BENNETT, Colo. — Five-year-old Kayla Hilbert has spent almost as many days in the hospital as she has in kindergarten.
“I’ve had eight surgeries,” she said.
Kayla was born with an abnormally small jaw and a cleft palate. She had difficulty eating and even breathing.
“She had a feeding tube until she was about a year old,” said her mother, Amber Hilbert.
Kayla was even flown to Children’s Hospital Colorado just one day after she was born.
“They had to go in and cut her jaw bone on both sides and screw plates into it,” Hilbert said.
Five years later, the energetic girl is finally able to be a normal kid, despite living her entire young life with pain and discomfort.
“It was sort of hurting whenever I touched it,” Kayla said.
It turns out, a large screw wired into Kayla’s jaw may be to blame.
Hilbert was looking at her daughter’s medical records online when she came across a CT scan showing the screw.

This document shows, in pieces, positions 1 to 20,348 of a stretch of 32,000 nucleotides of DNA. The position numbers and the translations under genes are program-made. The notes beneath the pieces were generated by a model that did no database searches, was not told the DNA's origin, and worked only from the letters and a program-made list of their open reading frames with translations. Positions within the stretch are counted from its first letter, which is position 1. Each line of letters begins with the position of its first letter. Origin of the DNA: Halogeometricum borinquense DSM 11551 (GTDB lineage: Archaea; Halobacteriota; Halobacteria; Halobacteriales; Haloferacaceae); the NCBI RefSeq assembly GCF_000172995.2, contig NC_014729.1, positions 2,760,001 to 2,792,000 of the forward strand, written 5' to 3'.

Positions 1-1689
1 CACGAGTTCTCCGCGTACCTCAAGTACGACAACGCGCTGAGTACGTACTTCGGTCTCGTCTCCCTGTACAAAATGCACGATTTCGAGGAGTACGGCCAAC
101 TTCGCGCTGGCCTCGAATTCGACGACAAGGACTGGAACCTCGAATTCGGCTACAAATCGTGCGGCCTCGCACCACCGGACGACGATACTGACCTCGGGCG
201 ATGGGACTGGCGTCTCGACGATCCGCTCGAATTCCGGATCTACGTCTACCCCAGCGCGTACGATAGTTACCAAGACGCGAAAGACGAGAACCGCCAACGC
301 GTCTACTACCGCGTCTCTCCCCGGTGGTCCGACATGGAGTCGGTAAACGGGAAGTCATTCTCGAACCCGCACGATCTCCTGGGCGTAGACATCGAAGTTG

“It was shocking to see something that big in her small head, especially imagining five years ago how small her head was,” Hilbert said.
Hilbert says she immediately contacted her daughter’s doctor to ask why he had never said anything.
“He responded that it’s probably a screw left in there from her jaw distraction when she was an infant. I’m definitely upset it was missed,” she said.
In October 2019, the screw was finally removed. For the first time in her life, Kayla’s jaw now feels normal.
Hilbert is now considering possible legal action, and she’s also sharing her daughter’s story in hopes it may somehow help another child.
“My biggest thing is just watch your kids’ records because stuff like this was obviously easy to overlook. It’s definitely something I never expected to happen,” she said.